Managing Errors: Exception Handling


All programs will create errors at some point. When working with files, you'll encounter problems with the data in the file not following the standard so our code cannot read it correctly. When communicating with web services we may find that their server is down and not responding to our requests. Because of this problems and others, we must prepare our programs to handle "error conditions". In Python this is referred to as "Exception Handling".

1. Exception Handling

Like many things in Python, exception handling is very easy. You just need to put your code into a "try/except" block. Your code goes between the "try:" and "except:" keywords and then you put the error message after the "except:". If an error occurs in the code in the "try" section, then the code in the "except" will be called. Try the example below that contains a "divide-by-zero" error.

 print "* An Error Has Occurred!"

This is actually very important for when we start calling external programs and more complex libraries. If they generate an exception, the program will simple stop and you'll have no idea why. If you capture the "exception" then you'll know what happened. If you're not sure which part of the code generated the exception, you can just add more "try/except" blocks around suspicious code until you isolate the problem.

For now we'll be adding "print" statements to our code these will only appear when we are running in the IDE or in "command line mode" (more on this later). Soon, we'll learn how to display errors in "alert boxes" similar to those you have seen in most software programs.

Over time, you'll add more and more try/except blocks to your programs. You'll always want to have one around the "top-level" of your code. Then, add additional try/except blocks to catch errors where the user will need additional information. As an example, you may write a function that reads a specific type of file such as a text file. You could add a try/catch block that indicates "Sorry, there was a problem reading from the file <FilePath>". This will be friendly than many of the standard errors and you can provide additional clues for the user to fix the problem.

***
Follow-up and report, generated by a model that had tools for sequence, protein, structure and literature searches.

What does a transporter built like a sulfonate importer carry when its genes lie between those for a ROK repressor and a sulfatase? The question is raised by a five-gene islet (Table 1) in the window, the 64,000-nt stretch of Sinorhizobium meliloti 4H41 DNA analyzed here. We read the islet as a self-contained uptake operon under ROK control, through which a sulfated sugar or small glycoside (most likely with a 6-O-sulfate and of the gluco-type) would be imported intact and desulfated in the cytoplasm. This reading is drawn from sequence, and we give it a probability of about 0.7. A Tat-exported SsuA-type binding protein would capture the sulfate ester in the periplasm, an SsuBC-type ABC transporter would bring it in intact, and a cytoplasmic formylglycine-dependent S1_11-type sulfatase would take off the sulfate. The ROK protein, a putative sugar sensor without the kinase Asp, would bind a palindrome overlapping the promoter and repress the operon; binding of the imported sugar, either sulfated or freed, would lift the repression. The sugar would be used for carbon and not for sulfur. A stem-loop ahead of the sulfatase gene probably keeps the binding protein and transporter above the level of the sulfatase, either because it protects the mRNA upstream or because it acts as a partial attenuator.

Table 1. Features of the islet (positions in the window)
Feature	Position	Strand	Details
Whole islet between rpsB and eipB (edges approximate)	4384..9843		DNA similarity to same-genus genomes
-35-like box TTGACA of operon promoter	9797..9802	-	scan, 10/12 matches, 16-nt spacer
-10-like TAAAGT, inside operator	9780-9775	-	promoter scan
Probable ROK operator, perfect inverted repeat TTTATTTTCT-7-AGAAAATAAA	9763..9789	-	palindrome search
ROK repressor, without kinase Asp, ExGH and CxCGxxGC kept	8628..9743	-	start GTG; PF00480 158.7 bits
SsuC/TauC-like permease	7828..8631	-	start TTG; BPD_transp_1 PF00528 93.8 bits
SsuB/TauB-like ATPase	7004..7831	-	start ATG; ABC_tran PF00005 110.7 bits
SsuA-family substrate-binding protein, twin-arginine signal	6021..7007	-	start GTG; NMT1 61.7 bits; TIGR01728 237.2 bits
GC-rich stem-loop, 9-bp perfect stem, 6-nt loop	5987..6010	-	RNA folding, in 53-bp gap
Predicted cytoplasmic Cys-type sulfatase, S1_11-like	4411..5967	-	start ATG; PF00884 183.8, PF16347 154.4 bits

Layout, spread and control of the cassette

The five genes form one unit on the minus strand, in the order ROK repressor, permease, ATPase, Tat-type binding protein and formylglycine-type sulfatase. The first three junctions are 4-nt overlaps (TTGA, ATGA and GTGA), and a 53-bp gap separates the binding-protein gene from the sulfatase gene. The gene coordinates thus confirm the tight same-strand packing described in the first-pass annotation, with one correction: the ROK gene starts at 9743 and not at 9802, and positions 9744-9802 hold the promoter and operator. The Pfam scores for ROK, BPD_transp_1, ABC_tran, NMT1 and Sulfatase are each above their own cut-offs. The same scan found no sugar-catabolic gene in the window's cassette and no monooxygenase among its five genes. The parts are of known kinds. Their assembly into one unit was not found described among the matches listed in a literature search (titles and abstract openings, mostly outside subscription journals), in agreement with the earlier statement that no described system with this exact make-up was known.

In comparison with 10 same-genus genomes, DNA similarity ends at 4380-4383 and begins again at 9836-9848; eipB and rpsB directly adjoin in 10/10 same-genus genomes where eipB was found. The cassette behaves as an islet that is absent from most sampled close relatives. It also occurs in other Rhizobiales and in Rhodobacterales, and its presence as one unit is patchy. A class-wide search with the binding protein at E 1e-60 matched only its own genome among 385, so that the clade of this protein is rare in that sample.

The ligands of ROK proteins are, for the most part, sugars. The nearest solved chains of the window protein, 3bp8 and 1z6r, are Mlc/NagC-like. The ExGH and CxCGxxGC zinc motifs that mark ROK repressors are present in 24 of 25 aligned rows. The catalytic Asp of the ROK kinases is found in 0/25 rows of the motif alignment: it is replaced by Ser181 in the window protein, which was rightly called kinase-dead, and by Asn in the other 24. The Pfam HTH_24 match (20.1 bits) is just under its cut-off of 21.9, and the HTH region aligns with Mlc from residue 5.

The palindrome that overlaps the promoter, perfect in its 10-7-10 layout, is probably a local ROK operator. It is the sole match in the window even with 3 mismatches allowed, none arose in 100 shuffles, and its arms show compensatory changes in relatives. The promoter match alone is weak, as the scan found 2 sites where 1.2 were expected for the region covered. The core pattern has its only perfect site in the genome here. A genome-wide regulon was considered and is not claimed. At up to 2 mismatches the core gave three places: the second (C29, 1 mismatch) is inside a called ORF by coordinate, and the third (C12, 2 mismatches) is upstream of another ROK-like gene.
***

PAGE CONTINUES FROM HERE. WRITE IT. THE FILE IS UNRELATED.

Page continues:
2. Getting the Error Message

Sometimes, you'll want to display a simple error message for the user. Other times, you'll want to access the error that occurred and add some additional text to it. The code below will get the exception that occurred and print it in a more freindly string.

except Exception  as TheException:
	print("Sorry, an error has occurred: "+format(TheException))

Note: From now on, all your programs MUST contain their top-level code in a "try/except" block.

3. Getting additional Exception Information (optional)

You'll want to be able to find the exact line of code that generated an exception in large programs. This can be done by getting the "stack trace" from the system info. The code below will import the "sys" and "traceback" packages and then print out the stack trace and other information when an exception is generated.

import sys
import traceback

except Exception  as TheException:
	print("Sorry, an error has occurred: "+format(TheException))
	exc_type, exc_value, exc_traceback =sys.exc_info()
	traceback.print_tb(exc_traceback, limit=10)

Additional Resources

Python Documentation: Errors and Exceptions

Python Documentation: Built in Exceptions

Python Documentation: Traceback


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